So what can we do to wise up?
If you consider the events I just described that happened in ancient history to the current news, I believe you will have to agree King Solomon’s Ecclesiastes statements were accurate.
King Solomon also wrote about times we all will experience in life. Specifically a time for peace and a time for war. Today’s terrorists will in time be cornered and destroyed as eventually all past despots in history have been destroyed when people get fed up.
Unfortunately, King Solomon’s writings will continue to bear out in fact over and over again until we all wise up and stop believing any leaders who teach and proclaim to their youths that war is a religious sacred duty. In my opinion, it would be much wiser to proclaim and teach our children that life is a sacred duty given us through the goodness of our Creator.
With this thought in mind, consider this King Solomon proverb of how children are affected by the acts of their parents.
If a man repays good with evil, evil in never absent from his household. (Proverb 17:13)
This verse describes one who is innately misanthropic and who has not even the elementary sense of gratitude which move a man to repay good with good. When kindness has be shown to him, he does his benefactor an injury. Such a person is his own worse enemy, for he makes his own position in society an impossible one. He communicate himself and works himself into a corner where the disease from which he suffers will rage within him until he is destroyed. Moreover, his fate is inseparable from that of his family; they are bound up together in the bundle of life and he destroys them, too. (Proverbs McKane)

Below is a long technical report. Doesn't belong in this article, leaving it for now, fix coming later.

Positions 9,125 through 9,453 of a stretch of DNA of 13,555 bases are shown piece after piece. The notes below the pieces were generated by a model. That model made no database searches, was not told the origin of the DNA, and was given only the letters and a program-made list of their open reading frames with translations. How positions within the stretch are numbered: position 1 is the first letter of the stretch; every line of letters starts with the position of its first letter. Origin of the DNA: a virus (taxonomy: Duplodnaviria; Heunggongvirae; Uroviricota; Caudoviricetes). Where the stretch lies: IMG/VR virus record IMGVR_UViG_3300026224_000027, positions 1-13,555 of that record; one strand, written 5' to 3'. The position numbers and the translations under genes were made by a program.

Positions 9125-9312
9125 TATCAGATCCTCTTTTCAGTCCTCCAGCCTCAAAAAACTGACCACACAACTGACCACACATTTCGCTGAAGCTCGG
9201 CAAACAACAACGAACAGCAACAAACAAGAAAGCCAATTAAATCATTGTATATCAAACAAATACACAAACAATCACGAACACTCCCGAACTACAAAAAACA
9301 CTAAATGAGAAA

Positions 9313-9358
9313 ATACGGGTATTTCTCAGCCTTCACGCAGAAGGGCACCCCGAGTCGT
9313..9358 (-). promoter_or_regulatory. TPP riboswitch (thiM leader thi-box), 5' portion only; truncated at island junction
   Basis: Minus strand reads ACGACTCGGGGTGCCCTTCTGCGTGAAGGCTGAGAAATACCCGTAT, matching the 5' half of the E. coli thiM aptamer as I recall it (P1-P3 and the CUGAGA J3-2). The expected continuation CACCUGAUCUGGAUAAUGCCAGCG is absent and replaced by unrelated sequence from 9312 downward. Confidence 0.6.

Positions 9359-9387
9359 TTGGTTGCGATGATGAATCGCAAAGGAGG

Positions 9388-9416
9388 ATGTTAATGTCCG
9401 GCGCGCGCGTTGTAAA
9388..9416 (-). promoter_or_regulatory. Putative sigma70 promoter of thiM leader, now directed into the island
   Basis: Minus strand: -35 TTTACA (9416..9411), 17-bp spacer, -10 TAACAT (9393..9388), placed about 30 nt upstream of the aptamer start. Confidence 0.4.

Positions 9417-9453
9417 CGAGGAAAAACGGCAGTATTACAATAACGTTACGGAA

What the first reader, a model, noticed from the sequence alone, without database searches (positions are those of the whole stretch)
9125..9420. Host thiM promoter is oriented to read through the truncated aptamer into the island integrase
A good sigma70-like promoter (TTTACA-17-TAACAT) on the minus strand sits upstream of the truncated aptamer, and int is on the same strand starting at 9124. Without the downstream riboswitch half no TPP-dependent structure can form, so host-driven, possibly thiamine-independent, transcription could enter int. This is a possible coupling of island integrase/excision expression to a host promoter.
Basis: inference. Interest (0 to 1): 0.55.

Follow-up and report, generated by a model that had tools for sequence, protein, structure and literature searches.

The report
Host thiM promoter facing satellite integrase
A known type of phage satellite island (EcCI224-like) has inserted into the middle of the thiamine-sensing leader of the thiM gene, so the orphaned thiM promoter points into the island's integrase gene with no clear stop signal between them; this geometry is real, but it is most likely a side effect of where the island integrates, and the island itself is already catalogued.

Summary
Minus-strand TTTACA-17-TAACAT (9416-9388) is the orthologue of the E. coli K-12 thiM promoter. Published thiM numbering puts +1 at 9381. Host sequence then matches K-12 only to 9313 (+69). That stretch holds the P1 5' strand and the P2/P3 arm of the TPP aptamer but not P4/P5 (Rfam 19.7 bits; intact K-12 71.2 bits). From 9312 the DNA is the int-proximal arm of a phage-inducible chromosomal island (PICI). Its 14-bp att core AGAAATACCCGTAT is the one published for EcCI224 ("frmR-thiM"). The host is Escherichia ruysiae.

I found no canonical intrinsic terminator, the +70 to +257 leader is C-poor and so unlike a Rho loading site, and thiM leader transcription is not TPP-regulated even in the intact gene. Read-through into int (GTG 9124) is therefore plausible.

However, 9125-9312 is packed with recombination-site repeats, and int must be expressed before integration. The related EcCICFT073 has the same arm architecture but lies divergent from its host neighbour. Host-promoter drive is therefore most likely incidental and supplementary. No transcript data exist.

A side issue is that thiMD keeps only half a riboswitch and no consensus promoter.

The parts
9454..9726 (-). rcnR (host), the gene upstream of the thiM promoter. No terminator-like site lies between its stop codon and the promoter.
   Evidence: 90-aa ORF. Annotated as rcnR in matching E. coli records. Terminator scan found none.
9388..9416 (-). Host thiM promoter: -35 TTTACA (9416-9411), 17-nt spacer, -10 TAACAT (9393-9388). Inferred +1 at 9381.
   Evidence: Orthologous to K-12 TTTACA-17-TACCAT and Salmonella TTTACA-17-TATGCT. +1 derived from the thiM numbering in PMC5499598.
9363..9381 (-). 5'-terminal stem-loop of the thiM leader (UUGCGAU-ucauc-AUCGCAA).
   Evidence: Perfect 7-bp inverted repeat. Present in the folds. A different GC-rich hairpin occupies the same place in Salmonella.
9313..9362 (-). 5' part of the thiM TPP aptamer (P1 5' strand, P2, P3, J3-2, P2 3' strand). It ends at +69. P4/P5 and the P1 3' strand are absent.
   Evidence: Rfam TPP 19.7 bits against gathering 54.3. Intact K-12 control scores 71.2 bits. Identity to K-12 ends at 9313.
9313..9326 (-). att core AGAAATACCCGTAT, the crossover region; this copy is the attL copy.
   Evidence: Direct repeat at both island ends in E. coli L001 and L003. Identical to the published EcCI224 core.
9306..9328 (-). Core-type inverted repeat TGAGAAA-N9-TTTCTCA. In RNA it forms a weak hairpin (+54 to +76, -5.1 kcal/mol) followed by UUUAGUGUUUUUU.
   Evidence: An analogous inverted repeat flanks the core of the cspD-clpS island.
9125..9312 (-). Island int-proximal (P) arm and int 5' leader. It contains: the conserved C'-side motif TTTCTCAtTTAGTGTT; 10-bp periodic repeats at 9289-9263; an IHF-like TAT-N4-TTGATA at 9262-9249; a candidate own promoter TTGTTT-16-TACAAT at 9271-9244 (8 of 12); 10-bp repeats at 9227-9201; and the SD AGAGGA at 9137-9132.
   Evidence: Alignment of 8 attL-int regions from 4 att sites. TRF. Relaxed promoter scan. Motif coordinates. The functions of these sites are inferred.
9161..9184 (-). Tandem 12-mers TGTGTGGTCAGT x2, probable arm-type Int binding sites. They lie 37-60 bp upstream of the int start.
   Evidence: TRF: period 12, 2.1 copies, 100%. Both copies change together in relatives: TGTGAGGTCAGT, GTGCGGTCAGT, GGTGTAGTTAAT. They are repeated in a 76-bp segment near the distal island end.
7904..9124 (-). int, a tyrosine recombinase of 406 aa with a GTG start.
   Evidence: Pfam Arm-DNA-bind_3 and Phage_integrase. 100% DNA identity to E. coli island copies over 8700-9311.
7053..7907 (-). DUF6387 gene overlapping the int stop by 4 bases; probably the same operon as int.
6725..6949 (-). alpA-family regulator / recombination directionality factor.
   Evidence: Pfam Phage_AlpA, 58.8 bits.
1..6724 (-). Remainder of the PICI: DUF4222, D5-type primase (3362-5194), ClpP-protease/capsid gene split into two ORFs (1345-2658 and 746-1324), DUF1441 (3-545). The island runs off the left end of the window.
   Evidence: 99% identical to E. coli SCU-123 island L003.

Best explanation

When will we wise up and realize that ISIS actions are acts of fools. If Obama and Clinton do not want to call them Islamist Radical Terrorists perhaps they should call them either ReligiousTerrorist Fools or Amalekite Terrorist Fools.
Then if Obama and Clinton want to give us a clue which religion the fools believed in, , they can just inform us which religious passage the hostages recited in order to be released before the terrorists murder all the rest of the innocent victims. That way Obama and Clinton will be “politically correct” so as not to offend the terrorists religious feelings even when they murder innocent victims.
The reason I say fools is because of what King Solomon said in his Ecclesiastes Eight. Many Muslims believed Solomon to be a prophet. This is what Solomon said. I wonder if the people who blow themselves up for a religious belief ever read what he said about dying..
3 This is the evil in everything that happens under the sun: The same destiny overtakes all. The hearts of people, moreover, are full of evil and there is madness in their hearts while they live, and afterward they join the dead.4 Anyone who is among the living has hope[b]—even a live dog is better off than a dead lion!
5 For the living know that they will die, but the dead know nothing; they have no further reward, and even their name is forgotten. 6 Their love, their hate and their jealousy have long since vanished; never again will they have a part in anything that happens under the sun.